March 26, 2004 - Pennsylvania Governor Wants to Lower Medical Malpractice Insurance Premiums
Pennsylvania Gov. Ed Rendell believes medical malpractice insurance problems in Pennsylvania will be relieved if reforms he proposed this week become law.
But the Pennsylvania Medical Society said Thursday his proposals are not enough, and it will continue to push for a limit on awards for pain and suffering in medical malpractice cases.
Rendell's latest proposals include one that would limit lawyers' shares of malpractice awards, and another that would create a mediation program to give victims of medical malpractice an opportunity to settle their cases without going to court.
A spokeswoman said Rendell believes the new proposals, combined with reforms approved last year and in 2002, will provide the long-term solution to rising malpractice insurance premiums that doctors say are prompting them to limit their practices or leave the state.
It will take several years for premiums to come down, Rendell noted.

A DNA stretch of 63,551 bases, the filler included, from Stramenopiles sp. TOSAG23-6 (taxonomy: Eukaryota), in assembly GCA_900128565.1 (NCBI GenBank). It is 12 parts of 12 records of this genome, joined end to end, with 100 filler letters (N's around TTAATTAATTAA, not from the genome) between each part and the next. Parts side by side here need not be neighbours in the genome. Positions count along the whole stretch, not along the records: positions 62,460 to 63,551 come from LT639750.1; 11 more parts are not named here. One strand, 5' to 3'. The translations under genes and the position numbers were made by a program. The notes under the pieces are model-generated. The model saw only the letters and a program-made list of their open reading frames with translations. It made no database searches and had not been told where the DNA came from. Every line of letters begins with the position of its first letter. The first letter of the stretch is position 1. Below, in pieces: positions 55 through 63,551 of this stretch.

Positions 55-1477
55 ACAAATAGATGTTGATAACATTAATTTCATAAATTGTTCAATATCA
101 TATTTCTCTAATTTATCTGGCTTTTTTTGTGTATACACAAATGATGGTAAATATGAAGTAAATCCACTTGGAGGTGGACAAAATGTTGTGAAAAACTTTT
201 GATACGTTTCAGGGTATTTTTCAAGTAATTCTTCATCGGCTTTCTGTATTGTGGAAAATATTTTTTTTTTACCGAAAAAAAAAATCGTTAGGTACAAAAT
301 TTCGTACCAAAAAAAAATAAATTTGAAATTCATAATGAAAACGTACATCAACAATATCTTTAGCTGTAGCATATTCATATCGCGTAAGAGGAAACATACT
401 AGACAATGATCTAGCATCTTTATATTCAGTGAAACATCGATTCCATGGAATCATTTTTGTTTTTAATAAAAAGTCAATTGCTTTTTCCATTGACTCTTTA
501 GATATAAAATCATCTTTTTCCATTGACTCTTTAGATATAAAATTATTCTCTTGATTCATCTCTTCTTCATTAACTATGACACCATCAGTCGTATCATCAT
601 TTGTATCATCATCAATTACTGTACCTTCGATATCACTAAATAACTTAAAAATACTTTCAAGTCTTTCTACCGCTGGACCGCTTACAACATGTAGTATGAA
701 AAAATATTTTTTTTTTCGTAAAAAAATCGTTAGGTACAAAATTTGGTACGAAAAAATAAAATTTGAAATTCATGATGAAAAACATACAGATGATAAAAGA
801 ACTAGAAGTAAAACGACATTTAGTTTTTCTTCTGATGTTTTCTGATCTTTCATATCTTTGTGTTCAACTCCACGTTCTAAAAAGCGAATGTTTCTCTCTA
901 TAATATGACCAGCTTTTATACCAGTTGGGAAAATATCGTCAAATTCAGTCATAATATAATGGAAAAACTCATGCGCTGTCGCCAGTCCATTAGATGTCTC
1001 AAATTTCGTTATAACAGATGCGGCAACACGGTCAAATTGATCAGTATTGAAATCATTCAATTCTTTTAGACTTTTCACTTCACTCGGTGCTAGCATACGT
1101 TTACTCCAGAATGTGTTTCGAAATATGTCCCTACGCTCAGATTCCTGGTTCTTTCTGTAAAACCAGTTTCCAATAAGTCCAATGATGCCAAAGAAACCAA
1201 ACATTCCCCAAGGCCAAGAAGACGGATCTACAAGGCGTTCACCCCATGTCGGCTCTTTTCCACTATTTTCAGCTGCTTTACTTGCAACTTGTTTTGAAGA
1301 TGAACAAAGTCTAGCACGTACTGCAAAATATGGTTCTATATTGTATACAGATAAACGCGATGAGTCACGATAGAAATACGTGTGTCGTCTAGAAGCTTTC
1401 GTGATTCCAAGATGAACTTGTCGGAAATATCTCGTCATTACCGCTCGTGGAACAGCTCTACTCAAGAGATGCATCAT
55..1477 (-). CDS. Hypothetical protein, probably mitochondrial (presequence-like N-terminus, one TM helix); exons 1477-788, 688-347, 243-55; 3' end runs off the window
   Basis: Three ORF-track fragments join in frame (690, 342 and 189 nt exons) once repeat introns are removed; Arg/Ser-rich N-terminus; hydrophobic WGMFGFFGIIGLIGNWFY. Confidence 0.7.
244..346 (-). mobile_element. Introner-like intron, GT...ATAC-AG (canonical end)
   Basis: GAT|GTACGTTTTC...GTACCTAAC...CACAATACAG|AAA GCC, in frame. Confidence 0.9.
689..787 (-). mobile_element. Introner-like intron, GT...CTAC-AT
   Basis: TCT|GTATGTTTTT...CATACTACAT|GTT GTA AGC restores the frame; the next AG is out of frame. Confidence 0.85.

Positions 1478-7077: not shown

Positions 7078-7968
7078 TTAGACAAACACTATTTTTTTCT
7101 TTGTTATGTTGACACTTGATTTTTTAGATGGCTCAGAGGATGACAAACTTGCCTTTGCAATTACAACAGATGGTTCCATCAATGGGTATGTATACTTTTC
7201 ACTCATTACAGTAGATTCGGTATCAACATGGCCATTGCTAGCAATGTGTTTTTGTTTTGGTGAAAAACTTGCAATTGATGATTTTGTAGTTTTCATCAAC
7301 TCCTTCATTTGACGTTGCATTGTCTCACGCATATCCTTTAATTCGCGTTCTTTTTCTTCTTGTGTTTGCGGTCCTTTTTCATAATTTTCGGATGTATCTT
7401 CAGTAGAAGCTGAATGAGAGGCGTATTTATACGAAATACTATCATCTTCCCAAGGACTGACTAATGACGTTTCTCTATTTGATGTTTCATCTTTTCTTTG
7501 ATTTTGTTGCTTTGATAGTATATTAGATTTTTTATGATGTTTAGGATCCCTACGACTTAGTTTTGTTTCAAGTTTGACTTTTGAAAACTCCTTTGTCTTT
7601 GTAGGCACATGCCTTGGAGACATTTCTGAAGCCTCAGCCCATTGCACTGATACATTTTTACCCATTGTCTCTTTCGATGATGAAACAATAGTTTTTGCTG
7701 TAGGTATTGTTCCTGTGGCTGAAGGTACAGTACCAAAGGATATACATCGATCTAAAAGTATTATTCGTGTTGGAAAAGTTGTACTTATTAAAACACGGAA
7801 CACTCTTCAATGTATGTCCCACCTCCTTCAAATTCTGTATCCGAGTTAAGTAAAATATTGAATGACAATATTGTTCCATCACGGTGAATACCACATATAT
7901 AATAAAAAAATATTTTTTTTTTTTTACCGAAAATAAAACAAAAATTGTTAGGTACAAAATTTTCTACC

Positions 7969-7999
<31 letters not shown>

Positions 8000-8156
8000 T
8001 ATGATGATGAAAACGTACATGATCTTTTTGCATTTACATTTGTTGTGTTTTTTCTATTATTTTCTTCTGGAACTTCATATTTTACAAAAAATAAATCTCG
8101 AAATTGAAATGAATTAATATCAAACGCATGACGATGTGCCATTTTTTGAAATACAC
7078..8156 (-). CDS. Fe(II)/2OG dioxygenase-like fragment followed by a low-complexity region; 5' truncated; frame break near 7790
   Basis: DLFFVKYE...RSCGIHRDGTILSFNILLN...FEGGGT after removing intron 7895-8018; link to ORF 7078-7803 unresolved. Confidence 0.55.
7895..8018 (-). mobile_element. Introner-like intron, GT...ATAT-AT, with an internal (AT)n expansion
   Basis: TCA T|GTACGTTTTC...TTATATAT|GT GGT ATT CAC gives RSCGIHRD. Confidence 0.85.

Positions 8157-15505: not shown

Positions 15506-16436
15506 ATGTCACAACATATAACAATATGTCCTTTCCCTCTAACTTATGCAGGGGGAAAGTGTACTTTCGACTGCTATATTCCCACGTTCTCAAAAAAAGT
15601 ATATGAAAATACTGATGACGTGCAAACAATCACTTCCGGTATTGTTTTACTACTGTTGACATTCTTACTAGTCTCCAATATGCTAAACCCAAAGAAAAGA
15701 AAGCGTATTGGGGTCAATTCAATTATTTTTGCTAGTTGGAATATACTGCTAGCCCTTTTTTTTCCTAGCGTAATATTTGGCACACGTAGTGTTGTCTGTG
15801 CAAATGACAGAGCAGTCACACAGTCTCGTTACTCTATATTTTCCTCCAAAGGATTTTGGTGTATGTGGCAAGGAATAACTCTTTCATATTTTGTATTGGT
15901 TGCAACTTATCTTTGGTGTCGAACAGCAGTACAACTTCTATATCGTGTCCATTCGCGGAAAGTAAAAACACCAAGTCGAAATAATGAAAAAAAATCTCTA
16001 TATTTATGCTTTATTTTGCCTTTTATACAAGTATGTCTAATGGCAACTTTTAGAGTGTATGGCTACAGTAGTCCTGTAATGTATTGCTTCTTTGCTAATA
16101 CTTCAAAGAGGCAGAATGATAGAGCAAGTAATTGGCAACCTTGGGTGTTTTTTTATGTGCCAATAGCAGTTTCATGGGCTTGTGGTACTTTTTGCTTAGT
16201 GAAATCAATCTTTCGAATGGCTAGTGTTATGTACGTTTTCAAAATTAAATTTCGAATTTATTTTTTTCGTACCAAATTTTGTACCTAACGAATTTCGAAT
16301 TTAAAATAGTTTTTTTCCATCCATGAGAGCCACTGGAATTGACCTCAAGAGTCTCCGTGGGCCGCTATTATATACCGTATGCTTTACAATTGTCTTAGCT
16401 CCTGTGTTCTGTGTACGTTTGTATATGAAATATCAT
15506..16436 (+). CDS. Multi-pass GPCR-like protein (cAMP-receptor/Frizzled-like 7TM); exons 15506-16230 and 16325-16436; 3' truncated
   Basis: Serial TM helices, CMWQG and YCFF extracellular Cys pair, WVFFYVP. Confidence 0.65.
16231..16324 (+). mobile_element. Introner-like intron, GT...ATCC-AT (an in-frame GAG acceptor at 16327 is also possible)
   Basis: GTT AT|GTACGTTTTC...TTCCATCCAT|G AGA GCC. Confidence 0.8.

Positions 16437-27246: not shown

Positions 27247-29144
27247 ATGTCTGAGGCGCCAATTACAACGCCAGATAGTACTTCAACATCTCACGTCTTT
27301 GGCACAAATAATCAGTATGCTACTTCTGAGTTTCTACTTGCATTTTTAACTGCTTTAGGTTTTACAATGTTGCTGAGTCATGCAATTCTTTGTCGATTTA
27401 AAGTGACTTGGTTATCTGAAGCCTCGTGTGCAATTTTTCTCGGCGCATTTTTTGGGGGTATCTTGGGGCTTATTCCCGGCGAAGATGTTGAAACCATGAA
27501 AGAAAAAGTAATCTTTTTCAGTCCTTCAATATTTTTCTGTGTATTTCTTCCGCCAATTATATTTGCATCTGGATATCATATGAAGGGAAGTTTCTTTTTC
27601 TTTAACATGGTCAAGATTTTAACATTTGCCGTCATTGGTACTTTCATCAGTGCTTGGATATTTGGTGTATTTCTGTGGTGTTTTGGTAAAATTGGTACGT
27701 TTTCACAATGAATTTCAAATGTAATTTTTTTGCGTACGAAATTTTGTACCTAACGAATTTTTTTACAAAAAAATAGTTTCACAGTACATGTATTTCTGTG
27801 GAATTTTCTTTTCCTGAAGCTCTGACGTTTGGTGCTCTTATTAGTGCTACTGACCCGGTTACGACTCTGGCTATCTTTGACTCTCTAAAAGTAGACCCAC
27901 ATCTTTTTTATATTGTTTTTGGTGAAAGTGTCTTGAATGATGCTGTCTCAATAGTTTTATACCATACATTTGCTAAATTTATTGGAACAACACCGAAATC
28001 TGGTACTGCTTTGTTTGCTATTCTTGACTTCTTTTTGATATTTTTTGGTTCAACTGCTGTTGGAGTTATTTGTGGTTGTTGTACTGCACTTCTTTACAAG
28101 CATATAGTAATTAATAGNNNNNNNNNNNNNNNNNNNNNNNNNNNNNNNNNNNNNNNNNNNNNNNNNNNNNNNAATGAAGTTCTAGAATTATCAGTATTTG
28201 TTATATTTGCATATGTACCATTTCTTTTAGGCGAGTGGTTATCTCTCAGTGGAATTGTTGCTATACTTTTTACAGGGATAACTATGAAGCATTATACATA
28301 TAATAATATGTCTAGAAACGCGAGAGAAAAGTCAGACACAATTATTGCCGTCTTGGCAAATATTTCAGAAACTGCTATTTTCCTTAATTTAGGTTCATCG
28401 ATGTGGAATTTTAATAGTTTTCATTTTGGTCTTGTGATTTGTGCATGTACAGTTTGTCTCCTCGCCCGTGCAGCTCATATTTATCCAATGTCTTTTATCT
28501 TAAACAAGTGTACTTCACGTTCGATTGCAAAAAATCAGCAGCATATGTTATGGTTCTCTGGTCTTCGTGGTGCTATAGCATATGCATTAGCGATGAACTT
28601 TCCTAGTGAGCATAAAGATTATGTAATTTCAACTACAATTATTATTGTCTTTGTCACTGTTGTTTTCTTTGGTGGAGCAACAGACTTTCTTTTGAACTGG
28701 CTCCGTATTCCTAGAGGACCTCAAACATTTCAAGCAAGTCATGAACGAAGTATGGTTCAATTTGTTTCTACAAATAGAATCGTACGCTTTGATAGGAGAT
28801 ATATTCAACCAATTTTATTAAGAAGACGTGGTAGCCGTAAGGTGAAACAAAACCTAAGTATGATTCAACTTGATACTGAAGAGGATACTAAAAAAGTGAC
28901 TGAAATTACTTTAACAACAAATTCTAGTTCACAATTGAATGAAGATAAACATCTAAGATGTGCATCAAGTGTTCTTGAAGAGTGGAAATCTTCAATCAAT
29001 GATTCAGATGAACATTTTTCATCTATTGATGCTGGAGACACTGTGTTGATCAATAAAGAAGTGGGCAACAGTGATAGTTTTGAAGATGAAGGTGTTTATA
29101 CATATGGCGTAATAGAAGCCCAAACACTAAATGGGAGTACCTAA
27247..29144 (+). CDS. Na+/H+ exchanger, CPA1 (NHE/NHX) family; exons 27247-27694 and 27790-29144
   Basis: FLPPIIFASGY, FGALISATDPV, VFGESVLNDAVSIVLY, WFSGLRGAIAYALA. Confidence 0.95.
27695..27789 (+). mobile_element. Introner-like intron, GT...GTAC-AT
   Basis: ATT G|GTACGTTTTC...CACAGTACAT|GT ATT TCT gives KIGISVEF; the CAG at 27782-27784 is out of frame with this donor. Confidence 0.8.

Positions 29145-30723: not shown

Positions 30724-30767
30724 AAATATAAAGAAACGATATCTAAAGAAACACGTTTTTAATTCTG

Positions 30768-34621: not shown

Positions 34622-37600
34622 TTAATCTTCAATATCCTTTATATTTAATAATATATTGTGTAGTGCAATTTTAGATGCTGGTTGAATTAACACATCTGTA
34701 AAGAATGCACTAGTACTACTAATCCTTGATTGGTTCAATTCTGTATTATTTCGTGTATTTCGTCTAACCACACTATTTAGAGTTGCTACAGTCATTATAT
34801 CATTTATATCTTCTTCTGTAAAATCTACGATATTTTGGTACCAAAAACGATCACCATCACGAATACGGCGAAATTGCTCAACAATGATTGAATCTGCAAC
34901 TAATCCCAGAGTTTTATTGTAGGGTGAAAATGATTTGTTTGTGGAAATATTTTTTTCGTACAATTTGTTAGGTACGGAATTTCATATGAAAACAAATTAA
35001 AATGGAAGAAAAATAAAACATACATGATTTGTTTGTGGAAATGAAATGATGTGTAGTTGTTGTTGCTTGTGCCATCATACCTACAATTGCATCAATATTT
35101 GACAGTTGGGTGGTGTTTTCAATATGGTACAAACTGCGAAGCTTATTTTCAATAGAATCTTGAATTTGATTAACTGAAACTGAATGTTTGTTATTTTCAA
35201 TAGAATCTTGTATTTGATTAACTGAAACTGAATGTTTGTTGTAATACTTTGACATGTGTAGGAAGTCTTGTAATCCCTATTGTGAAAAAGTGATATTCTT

In order to keep doctors in Pennsylvania and make it attractive for young doctors in the short term, Rendell proposed extending his existing plan that pays the Mcare premiums of doctors who perform the riskiest procedures and cuts premiums in half for other doctors.
Mcare is a state-required second layer of malpractice coverage that doctors must carry.
The Mcare abatement plan, which costs about $220 million a year, trims about 35 percent from the premiums of doctors that include obstetricians and orthopedic surgeons, Rendell spokeswoman Kate Philips said.
The abatement program, funded with a 25-cent cigarette tax, would continue through 2007 and longer if insurance premiums haven't dropped.
The new proposals require approval from the Legislature. Philips said she expects the legislation to be introduced within six weeks.
Although it says caps on damage awards are still needed, the medical society praised Rendell for having "recognized the serious nature" of the problem. It said the Mcare abatement will help keep doctors in Pennsylvania in the short term.
In outlining his proposals, Rendell cited new statistics that show the number of malpractice cases filed in Pennsylvania dropped by 30 percent in 2003.